Can a program name be possessive? (i.e. Notepad++’s plugin manager)

On Stack Overflow, I found a question with the following title: what is the notepad++ plugin manager server url While editing the question for readability, I changed the title to: What is the server URL for Notepad++’s Plugin Manager? According to Google Chrome’s spell checker, Notepad++’s is not a proper word. A similar question established … Read more

Why is it common in English to address animals as “it”?

Why is it common in English to address animals as “it”? It’s not an inanimate or abstract object, they have a gender and they’re alive. A chair, idea, tree, rock, etc are an “it”, but why does English speakers address a dog, cat, bird, fish, etc as “it”? Isn’t male the “default gender” in English? … Read more

What is the difference between “they” and “it” for people, especially for those people who identify as non-binary?

I’ve heard that they is used as a word to refer to people who are non-binary. Since English is not my first language, I’m not sure what the difference is between they and it in these usages. Of course, I know that it is mainly used for things rather than people. But I’ve simply thought … Read more

When referring to an inanimate object, is the use of “itself” proper?

I’m describing how to use M$ remote desktop in an email with the sentence below. “You can use any software or hardware attached to that computer as if you were sitting at the machine itself.” The use of “itself” seems incorrect. Granted, I could end the sentence at “machine”, but is there a more suitable … Read more

Question about “The portrait utilizes a palette of…”

Is this sentence correct? The portrait utilizes a palette of grays, blacks and blues. Doesn’t it sound like the portrait painted itself? Shouldn’t it be "The artist utilized a palette of grays, blacks and blues." Answer Your sentence is correct. It is a figure of speech called personification which is commonly used. Look at this … Read more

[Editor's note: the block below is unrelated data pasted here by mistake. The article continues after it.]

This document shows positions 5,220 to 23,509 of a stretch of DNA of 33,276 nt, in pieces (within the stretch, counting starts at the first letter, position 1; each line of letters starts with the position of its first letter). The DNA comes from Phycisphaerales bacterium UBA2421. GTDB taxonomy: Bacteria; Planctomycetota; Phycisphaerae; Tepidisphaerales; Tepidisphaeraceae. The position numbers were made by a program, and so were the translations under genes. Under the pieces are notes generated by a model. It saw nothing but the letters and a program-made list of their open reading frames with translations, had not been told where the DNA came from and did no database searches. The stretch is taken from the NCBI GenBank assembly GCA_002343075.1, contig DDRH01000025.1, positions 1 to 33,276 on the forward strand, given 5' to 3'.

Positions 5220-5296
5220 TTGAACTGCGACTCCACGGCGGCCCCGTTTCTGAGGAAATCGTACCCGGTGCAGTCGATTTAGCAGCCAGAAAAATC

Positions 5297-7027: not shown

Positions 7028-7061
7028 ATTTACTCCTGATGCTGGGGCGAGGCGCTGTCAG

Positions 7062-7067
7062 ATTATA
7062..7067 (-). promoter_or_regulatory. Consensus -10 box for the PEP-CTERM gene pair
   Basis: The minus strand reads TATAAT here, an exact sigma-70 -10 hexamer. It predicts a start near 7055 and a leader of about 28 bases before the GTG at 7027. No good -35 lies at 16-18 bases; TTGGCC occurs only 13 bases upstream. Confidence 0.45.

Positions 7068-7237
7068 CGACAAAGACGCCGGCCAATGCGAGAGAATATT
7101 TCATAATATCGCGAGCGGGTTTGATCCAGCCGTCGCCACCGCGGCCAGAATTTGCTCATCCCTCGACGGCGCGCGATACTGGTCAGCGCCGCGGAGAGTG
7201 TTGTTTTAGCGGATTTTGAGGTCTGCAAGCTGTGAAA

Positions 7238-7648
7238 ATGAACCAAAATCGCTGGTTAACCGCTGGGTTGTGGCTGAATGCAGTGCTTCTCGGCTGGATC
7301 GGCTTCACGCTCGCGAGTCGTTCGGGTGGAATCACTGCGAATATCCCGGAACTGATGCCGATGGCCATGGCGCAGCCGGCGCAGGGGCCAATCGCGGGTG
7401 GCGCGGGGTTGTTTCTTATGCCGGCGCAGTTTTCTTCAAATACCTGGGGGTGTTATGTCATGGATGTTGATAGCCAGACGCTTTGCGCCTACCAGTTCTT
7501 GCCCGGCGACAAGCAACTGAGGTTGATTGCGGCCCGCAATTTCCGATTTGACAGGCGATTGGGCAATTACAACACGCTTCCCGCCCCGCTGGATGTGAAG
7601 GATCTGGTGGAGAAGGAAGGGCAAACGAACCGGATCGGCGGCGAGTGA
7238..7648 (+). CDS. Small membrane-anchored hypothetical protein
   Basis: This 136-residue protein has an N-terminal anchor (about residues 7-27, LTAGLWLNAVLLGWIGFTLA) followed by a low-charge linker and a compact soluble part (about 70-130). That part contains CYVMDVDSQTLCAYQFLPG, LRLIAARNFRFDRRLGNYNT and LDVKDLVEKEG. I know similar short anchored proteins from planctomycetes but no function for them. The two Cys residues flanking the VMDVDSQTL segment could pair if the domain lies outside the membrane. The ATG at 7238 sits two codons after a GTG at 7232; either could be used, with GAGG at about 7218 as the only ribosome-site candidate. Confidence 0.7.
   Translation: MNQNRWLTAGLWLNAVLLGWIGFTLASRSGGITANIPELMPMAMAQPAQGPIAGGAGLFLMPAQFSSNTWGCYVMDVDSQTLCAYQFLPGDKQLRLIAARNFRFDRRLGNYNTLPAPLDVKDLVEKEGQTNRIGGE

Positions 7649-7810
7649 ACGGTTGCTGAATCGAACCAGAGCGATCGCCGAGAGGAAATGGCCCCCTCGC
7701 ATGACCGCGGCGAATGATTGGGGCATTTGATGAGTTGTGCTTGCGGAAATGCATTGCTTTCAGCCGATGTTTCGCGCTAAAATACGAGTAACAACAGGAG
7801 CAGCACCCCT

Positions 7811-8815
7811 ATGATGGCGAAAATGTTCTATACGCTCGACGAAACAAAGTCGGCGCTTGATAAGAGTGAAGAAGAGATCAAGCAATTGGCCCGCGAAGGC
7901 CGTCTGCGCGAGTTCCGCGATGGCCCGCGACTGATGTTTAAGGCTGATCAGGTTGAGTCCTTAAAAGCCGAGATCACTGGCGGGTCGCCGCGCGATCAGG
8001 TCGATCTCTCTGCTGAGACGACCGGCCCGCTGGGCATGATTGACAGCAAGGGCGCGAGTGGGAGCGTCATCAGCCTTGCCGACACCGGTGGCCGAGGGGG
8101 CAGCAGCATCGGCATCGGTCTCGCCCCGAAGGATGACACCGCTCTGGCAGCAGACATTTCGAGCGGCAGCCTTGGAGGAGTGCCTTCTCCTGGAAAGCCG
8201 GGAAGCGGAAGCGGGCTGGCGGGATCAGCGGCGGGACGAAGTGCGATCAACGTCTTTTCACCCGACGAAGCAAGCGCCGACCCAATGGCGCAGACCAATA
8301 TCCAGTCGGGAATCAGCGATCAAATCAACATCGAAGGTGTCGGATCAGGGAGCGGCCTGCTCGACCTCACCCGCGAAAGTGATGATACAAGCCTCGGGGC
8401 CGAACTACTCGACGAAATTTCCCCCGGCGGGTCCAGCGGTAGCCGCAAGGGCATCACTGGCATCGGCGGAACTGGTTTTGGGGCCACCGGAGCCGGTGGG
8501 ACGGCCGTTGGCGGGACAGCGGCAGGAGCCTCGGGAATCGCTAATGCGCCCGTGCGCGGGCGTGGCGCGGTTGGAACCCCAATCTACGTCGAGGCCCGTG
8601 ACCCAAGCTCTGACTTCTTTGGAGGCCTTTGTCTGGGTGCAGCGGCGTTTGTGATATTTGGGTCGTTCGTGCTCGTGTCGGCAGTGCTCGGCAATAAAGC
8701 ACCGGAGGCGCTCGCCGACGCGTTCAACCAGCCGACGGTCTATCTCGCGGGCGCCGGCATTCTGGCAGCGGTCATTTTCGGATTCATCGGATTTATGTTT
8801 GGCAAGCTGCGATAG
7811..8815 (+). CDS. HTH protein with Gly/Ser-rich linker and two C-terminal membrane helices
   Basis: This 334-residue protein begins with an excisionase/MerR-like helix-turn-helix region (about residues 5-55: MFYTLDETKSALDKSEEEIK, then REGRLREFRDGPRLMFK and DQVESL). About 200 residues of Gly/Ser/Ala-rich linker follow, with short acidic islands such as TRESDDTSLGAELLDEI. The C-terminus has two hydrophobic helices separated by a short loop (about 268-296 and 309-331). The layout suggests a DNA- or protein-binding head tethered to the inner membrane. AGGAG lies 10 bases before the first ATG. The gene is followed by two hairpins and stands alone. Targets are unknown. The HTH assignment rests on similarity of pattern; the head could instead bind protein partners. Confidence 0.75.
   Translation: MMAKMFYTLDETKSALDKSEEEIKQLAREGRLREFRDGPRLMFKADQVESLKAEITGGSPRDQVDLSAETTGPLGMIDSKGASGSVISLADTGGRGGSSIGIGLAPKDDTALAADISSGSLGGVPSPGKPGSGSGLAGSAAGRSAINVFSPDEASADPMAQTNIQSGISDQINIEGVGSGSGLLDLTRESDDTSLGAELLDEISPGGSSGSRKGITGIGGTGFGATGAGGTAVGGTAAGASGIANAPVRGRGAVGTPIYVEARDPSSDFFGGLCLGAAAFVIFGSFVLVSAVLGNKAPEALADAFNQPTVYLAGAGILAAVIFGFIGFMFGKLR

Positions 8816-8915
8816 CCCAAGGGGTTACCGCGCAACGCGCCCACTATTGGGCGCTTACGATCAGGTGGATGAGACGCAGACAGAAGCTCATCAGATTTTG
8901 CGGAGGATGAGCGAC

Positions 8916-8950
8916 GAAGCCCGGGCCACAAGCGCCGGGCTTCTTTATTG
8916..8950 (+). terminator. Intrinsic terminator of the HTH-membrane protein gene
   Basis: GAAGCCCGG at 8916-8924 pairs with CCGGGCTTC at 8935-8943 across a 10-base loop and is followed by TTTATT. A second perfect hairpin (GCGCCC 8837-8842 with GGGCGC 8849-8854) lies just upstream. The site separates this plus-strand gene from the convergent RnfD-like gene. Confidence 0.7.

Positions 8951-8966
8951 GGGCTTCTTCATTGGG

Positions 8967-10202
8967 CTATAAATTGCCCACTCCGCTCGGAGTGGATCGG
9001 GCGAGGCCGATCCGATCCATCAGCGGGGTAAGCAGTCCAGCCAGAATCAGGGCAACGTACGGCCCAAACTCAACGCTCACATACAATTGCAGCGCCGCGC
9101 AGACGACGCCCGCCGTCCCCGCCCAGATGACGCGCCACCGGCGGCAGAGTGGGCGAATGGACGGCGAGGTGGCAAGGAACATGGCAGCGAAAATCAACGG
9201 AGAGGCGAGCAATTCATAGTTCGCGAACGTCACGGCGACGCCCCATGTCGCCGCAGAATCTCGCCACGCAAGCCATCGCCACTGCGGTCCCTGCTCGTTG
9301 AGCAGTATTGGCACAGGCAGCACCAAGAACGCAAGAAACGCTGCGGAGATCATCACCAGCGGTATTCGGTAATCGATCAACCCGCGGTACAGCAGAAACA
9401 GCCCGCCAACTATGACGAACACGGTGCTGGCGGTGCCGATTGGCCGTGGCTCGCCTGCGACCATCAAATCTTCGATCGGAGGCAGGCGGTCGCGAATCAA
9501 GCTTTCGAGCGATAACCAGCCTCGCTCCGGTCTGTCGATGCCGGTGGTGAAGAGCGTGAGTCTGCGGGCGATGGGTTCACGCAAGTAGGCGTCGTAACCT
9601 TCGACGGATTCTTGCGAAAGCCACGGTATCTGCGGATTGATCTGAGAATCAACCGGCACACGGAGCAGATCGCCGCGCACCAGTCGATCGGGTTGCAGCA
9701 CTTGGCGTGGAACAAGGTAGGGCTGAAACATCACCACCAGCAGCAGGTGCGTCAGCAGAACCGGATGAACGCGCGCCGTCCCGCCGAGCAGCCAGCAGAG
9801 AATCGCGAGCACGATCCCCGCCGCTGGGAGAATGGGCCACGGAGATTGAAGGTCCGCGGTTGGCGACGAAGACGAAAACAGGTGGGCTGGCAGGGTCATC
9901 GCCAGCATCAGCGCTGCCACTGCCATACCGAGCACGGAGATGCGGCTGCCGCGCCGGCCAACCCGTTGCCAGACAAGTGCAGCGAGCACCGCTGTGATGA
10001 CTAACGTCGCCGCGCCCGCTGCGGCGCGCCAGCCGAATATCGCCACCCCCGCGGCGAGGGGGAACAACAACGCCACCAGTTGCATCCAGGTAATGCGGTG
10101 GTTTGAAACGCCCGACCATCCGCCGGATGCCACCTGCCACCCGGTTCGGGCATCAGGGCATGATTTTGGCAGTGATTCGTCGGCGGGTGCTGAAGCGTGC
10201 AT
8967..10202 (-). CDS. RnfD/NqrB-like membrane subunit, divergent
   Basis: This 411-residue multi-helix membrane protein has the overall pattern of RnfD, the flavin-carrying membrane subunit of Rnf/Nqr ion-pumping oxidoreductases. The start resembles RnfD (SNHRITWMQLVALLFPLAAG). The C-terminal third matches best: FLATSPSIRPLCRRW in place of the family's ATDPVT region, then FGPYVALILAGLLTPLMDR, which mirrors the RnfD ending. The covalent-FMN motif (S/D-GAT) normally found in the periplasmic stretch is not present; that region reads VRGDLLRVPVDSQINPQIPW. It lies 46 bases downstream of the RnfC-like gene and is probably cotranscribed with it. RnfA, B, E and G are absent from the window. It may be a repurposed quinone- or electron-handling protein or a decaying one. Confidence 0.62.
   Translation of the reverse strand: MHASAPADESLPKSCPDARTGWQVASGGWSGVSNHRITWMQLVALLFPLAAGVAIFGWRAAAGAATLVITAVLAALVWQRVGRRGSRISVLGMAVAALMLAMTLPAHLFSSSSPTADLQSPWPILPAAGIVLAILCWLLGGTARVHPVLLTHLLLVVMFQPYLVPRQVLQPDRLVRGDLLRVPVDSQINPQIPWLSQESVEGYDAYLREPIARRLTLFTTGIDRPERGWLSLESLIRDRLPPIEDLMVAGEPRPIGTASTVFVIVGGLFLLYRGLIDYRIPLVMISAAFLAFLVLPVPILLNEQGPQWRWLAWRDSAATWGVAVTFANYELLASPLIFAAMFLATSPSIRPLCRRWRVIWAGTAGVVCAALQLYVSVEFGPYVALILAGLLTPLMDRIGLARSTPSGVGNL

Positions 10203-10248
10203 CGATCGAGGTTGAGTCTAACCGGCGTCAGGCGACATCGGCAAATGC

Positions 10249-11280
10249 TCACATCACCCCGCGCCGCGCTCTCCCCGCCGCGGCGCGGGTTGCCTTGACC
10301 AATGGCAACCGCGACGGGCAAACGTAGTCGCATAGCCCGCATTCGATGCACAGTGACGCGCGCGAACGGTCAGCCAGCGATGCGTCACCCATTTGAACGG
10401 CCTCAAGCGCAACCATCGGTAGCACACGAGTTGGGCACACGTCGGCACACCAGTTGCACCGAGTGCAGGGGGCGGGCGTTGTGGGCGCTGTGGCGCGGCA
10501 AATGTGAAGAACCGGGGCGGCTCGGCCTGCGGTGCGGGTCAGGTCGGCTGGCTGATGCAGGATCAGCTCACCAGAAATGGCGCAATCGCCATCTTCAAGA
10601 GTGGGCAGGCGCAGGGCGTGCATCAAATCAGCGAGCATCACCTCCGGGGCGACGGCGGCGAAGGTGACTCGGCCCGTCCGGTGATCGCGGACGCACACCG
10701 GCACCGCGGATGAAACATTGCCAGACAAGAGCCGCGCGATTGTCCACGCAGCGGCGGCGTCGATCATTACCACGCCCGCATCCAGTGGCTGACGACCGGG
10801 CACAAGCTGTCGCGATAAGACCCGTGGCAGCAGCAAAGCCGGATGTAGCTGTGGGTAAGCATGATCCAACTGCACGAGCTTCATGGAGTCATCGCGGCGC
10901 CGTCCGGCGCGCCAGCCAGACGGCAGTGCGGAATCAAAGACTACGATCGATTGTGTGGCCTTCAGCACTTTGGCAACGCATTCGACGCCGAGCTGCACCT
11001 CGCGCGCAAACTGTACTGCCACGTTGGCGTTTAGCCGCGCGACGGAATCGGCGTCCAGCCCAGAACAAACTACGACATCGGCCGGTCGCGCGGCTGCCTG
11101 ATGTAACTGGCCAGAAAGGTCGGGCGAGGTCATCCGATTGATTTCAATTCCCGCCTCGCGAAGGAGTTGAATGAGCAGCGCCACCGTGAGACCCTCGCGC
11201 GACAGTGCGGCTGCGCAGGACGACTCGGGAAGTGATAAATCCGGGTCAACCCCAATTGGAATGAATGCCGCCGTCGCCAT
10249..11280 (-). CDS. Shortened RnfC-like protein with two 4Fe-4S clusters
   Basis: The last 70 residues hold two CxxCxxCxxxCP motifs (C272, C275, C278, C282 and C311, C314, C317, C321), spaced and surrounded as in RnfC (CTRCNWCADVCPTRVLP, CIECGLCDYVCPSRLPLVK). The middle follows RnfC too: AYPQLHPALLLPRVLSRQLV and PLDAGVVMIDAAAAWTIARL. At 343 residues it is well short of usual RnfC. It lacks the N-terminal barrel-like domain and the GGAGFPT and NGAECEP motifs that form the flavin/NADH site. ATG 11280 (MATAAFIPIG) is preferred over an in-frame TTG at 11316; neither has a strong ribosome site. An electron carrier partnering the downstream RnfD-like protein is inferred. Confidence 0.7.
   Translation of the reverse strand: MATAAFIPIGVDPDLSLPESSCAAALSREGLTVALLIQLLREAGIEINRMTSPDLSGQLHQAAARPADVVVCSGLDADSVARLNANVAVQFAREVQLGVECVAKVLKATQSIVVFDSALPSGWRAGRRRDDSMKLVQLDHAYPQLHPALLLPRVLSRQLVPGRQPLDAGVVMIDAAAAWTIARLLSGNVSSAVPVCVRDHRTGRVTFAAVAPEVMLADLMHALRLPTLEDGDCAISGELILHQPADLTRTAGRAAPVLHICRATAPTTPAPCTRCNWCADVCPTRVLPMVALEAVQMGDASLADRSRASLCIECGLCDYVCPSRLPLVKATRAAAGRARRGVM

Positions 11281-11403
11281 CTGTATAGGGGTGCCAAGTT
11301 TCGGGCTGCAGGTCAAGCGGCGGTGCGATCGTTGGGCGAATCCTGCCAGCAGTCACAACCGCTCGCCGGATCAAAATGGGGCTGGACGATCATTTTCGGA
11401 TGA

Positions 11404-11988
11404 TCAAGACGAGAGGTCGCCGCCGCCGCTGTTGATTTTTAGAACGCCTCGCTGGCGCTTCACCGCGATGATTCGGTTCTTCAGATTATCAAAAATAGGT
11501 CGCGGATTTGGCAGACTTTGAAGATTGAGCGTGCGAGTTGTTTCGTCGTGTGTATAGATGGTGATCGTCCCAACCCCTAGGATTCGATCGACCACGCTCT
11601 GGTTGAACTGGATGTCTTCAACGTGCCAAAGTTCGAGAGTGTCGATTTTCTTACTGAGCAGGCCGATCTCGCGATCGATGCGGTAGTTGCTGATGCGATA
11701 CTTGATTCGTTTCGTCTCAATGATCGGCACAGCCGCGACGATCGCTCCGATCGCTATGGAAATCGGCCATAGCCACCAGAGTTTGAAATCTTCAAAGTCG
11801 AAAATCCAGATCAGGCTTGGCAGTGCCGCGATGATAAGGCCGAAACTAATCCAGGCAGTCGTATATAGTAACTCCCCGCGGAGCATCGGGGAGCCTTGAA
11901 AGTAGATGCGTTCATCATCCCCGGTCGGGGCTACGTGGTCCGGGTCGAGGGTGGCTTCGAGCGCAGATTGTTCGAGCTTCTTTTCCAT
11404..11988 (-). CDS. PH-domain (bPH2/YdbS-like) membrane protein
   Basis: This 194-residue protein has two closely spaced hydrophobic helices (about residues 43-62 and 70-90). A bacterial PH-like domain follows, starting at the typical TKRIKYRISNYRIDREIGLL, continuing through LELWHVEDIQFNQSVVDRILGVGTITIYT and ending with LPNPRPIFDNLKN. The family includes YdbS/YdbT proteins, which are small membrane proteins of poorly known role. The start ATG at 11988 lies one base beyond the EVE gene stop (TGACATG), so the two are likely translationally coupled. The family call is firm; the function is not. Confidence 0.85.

Pronoun question: referring to inanimate objects as ‘he’ or ‘she’

I read the following claim concerning pronouns referring to inanimate objects: Anything that is meant to contain you, protect you or provide you with something beneficial is [often referred to as] a she; anything that is a perceived threat is a he. That’s why cars, boats and some countries are she. Is this really the … Read more

Can I Switch from “it” to “he” or “she” when referring to an animal in a story?

This one is a question I can’t seem to find an answer for. I do have a friend, a professional editor, who told me she saw no problem with me switching from “it” to “he” or “she” when referring to an animal in the situation I’m about to lay out, but I’d like to know … Read more

Using ‘her’ vs. ‘its’ to refer to a country

I am currently reading Liddell Hart’s “History of the Second World War”, and I’m wondering why he sometimes uses her/she when talking about Japan. In my understanding of English, it should be its or their (if you want to refer to the Japanese people). For instance: From 1931 onward the Japanese were aggressively engaged in … Read more

Is it grammatical to say of some potential meaning that it is “able to be said” or “trying to be said”?

A recent commenter on a recent word-search question nominated a term as “an even better word for what is trying to be said.” This seems to me to attribute intention to something—a meaning—that is incapable of intention. I have also encountered this same fallacy, as it seems to me, with words such as able and … Read more

What word denotes a belief that apparently inanimate objects actually express a malicious, autonomous will?

I came across this word a few years ago, but can’t find it now. I do not mean deodand, animism, pathetic fallacy, scapegoating, anthropomorphism, or personification (Word for attaching blame to inanimate objects). If I recall correctly, this particular word sounded like a religion but looked like a phobia; it may well have been coined … Read more